Fig. 2. 7-day rainfall outlook including effects of Hurricane Harvey.
At mid-day Friday, CBOT September rice futures were trading 2 to 4 cents higher near $12.40—up about 25 cents for the week. With extremely heavy rains in the outlook, Chicago rice futures closed higher Monday thru Thursday this week.
First Notice Day is next Thursday (Aug. 31) for the September futures contract. New crop pricing considerations will then turn to the November contract which is currently trading at a 31 cent premium to September at $12.71. Basis continues to remain steady around the state at 50 cents under futures at mills and 75 to 80 cents under at driers.
U.S. Crop Progress:
In Monday’s Crop Progress report USDA indicated rice harvest was advancing ahead of the 5-year average pace in Louisiana and Texas. Harvest is gaining momentum this week in Arkansas and Mississippi with favorable yield reports. Extension agents in Louisiana report variable rice yields with 69% of the crop harvested as of August 20. Texas rice harvest was estimated at 70% complete.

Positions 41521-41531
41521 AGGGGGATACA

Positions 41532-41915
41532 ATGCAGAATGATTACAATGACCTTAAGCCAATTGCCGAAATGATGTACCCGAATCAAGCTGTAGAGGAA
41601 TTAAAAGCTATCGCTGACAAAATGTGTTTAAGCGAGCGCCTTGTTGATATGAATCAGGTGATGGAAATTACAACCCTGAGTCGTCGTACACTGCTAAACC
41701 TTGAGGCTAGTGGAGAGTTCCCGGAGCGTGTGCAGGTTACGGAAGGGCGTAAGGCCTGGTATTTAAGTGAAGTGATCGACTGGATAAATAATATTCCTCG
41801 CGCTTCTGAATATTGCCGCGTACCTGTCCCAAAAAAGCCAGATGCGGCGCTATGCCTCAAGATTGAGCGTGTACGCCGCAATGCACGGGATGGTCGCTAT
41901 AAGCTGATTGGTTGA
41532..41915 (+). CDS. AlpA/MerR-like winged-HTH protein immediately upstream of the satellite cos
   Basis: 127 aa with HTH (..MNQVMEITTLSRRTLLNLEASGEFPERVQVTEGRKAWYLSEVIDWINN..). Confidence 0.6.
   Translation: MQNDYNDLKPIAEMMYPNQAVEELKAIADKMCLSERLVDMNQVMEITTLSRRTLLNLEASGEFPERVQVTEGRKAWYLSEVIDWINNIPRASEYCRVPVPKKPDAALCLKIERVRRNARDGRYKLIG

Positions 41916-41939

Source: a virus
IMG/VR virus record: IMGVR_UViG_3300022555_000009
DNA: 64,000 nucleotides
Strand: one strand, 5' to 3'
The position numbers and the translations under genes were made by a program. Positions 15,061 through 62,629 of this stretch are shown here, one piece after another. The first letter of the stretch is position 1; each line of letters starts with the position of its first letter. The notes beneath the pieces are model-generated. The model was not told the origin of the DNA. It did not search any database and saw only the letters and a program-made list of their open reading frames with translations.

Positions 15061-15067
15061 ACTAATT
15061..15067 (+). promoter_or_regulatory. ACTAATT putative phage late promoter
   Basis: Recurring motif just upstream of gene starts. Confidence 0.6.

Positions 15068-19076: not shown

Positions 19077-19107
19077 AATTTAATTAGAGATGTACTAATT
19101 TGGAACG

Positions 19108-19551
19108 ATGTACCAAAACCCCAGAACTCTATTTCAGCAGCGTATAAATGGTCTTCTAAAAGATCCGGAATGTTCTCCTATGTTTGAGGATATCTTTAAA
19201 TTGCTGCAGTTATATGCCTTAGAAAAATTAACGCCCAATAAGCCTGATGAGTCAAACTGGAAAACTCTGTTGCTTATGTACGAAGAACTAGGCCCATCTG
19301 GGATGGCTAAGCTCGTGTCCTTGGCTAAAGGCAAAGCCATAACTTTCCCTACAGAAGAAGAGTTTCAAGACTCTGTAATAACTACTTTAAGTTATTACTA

Also, NASS released the results this week from the 2017 August Rice Stocks Survey. For Arkansas, rough rice stocks in all positions on August 1, 2017, totaled 23.0 million hundredweight, up 13 percent from August 2016. Stocks held on farms totaled 2.5 million hundredweight and off-farm stocks totaled 20.5 million hundredweight.
2016 Rice PLC Projections:
At this point in the year producers and ag lenders alike are particularly interested in the outlook for rice PLC payments. The USDA Farm Service Agency has a website which provides projected PLC payment rates. It can be found at this link: ARC/PLC Program Data.